Objective: To assess the current measles vaccination status in Bangladesh, explain changing differentials in measles vaccination, and determine contexts that may improve measles vaccination coverage.
Methods: Secondary data analysis of datasets (2004–2014) from the nationally representative Bangladesh Demographic and Health Surveys that followed stratified, multi-stage cluster sampling design conducted both in urban and rural contexts.
Results: 5468 children aged 12–23 months were surveyed, of whom 892 (16%) reported non-compliance to measles vaccine. After simultaneous adjusting for covariates in multivariate logistic regression, children who came from a poor socio-economic background, who had mothers with no formal schooling, who were underweight, of higher birth order (≥4), who had adolescent mothers, who had a history of home delivery and who had no exposure to media were observed to be significantly associated with lack of measles vaccination. Measles vaccination coverage among children of adolescent mothers was consistently low. Despite lack of media exposure, measles vaccination status gradually increased from 26% in 2004 to 33% in 2014. Lack of maternal education was no longer associated with measles vaccination status in 2007, 2011 and 2014. Stunted children continued to be associated with lack of measles immunisation in 2014. Children with higher birth order demonstrated 53% excess risk for not being immunised with measles vaccine. Mothers with no exposure to mass media were two times more likely to have children without measles immunisation as indicated by BDHS 2014 data.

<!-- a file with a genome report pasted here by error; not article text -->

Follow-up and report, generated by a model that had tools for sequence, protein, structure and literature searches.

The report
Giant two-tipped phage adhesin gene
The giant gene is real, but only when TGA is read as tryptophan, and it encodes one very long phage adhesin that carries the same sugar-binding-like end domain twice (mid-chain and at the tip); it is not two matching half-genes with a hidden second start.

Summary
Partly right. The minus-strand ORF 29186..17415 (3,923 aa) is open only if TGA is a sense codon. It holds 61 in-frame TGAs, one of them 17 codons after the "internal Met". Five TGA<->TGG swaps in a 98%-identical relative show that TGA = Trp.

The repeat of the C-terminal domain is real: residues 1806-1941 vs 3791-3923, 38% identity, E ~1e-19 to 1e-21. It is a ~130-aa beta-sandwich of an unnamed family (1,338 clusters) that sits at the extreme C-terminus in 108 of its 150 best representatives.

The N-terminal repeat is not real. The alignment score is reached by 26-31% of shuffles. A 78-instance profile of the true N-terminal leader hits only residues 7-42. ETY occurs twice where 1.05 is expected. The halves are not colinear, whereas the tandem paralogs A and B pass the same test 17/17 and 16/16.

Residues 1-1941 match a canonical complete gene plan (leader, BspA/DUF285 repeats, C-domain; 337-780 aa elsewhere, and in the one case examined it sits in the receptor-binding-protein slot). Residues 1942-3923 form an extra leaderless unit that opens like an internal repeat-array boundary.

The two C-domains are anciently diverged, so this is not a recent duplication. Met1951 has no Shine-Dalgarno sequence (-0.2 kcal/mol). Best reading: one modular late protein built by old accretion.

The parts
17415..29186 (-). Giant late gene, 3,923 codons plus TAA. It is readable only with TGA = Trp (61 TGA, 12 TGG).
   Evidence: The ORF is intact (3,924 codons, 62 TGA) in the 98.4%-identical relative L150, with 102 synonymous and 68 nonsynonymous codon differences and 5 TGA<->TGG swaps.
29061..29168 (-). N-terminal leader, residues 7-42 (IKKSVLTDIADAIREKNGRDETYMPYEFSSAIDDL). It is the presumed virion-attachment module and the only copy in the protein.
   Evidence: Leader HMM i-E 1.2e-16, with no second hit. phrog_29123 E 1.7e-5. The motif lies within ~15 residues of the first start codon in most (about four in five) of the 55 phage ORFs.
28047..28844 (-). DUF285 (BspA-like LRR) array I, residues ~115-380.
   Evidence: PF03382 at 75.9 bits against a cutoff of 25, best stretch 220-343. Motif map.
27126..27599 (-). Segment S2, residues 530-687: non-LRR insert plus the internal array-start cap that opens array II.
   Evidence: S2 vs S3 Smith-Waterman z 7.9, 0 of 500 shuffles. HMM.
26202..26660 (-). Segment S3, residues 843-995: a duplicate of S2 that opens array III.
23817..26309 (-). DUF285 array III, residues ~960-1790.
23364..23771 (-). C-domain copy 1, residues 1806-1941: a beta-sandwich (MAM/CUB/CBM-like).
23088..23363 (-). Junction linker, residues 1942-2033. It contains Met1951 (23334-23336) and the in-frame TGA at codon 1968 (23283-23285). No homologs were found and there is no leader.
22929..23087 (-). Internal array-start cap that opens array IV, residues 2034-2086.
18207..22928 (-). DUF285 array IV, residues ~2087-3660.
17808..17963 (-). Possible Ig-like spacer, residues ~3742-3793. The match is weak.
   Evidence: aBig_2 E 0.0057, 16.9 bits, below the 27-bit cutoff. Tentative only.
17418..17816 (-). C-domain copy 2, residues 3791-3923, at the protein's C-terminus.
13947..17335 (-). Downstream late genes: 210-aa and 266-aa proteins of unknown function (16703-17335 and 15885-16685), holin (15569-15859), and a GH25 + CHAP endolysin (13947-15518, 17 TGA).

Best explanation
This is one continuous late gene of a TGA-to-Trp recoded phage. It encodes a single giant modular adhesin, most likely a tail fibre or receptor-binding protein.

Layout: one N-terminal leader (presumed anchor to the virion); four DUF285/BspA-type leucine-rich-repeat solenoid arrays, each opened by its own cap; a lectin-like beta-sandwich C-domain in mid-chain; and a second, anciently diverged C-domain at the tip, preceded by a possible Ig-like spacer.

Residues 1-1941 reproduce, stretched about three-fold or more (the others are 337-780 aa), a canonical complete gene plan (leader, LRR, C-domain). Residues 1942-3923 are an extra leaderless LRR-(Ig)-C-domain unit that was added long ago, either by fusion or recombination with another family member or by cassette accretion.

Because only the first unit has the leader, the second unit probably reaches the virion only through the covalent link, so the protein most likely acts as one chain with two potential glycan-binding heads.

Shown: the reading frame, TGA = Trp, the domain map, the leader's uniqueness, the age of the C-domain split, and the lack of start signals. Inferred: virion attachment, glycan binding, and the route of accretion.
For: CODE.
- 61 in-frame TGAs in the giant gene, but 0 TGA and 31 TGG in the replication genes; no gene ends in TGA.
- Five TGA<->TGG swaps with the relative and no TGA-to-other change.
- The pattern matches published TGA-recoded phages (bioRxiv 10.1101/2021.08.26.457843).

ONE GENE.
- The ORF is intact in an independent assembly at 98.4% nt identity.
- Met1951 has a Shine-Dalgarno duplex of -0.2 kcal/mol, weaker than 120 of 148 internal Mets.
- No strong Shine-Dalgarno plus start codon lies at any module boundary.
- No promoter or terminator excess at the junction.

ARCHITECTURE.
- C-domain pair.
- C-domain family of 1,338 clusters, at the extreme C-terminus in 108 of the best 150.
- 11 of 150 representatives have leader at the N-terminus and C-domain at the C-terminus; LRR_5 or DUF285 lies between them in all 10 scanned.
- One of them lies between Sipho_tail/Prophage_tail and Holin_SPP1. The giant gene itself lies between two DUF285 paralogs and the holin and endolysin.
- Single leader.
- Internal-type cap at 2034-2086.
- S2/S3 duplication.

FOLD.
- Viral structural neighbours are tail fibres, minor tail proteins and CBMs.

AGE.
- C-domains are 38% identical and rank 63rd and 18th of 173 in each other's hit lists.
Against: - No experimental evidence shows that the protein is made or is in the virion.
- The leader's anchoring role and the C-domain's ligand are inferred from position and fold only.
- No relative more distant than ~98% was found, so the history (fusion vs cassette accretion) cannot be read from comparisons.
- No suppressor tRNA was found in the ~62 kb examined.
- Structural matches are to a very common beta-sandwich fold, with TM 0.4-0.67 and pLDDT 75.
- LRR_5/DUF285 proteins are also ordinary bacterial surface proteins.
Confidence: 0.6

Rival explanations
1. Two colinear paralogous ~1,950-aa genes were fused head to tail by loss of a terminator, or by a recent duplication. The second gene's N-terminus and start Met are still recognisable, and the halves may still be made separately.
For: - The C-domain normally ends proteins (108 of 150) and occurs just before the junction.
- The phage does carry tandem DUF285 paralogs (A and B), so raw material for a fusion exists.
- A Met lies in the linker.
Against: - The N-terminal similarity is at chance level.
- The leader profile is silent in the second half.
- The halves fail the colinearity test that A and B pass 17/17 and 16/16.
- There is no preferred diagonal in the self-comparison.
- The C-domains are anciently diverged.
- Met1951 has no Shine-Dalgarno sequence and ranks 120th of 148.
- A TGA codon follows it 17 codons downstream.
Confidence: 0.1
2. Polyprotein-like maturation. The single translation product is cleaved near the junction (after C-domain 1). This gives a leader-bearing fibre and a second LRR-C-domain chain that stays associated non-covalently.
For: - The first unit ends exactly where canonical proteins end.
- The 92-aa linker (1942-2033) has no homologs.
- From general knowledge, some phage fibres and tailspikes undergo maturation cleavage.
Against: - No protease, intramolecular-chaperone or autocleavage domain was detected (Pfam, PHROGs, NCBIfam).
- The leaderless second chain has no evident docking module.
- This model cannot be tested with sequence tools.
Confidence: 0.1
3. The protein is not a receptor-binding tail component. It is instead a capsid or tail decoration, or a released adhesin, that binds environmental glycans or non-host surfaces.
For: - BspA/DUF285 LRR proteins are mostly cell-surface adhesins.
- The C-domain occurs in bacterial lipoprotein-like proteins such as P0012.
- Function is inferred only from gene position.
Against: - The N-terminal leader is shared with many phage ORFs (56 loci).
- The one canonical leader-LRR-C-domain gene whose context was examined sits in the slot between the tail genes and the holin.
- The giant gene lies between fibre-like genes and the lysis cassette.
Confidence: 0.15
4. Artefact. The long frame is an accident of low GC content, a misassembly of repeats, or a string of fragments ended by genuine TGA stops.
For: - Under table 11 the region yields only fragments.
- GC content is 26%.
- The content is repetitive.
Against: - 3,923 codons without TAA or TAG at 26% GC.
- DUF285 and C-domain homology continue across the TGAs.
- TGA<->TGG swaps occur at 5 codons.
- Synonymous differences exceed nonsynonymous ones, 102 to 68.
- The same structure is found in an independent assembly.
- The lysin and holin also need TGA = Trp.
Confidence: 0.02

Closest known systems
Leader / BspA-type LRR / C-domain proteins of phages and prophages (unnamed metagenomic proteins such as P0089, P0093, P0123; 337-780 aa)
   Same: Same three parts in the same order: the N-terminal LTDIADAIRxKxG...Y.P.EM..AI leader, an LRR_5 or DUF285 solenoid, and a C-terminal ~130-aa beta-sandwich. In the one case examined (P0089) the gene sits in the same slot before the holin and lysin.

Conclusions: Our findings will help policy makers formulate strategies for expanding measles vaccination coverage in order to achieve further reduction in disease burden and mortality in Bangladesh.